cgroups (control groups) is a Linux kernel feature to limit, account and isolate resource usage (CPU, memory, disk I/O, etc.) of process groups.
cgroups (control groups) is a Linux kernel feature to limit, account and isolate resource usage (CPU, memory, disk I/O, etc.) of process groups. This work was started by engineers at Google (primarily Paul Menage and Rohit Seth) in 2006 under the name "process containers"; in late 2007 it was renamed to Control Groups (due to the confusion caused by multiple meanings of the term "container" in the Linux kernel) and merged to kernel version 2.6.24. Since then, many new features and controllers have been added.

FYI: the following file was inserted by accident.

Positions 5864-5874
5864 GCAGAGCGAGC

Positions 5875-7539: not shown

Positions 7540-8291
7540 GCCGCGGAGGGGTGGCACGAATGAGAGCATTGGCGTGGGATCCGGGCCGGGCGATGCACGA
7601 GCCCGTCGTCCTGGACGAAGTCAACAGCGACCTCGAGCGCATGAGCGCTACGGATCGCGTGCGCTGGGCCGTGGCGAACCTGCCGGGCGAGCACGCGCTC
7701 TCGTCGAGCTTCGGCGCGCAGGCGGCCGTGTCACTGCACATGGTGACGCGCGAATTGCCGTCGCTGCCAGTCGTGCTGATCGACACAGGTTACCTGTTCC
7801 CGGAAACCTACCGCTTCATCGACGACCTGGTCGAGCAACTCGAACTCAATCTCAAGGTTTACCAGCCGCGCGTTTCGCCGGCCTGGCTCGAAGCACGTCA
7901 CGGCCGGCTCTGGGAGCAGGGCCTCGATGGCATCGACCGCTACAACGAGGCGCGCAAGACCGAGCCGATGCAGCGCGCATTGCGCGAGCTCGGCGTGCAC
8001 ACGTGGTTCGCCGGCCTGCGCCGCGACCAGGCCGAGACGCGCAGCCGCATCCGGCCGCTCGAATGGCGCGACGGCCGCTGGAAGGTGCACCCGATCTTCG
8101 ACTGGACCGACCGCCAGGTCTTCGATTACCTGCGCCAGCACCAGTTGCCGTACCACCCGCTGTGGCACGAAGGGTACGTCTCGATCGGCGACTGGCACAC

One of the design goals of cgroups was to provide a unified interface to many different use cases, from controlling single processes (like nice) to whole operating system-level virtualization (like OpenVZ, Linux-VServer, LXC). Cgroups provides:
- Resource limiting: groups can be set to not exceed a set memory limit — this also includes file system cache.
- Prioritization: some groups may get a larger share of CPU or disk I/O throughput.
- Accounting: to measure how much resources certain systems use for e.g. billing purposes.
- Isolation: separate namespaces for groups, so they don't see each other's processes, network connections or files.
- Control: freezing groups or checkpointing and restarting.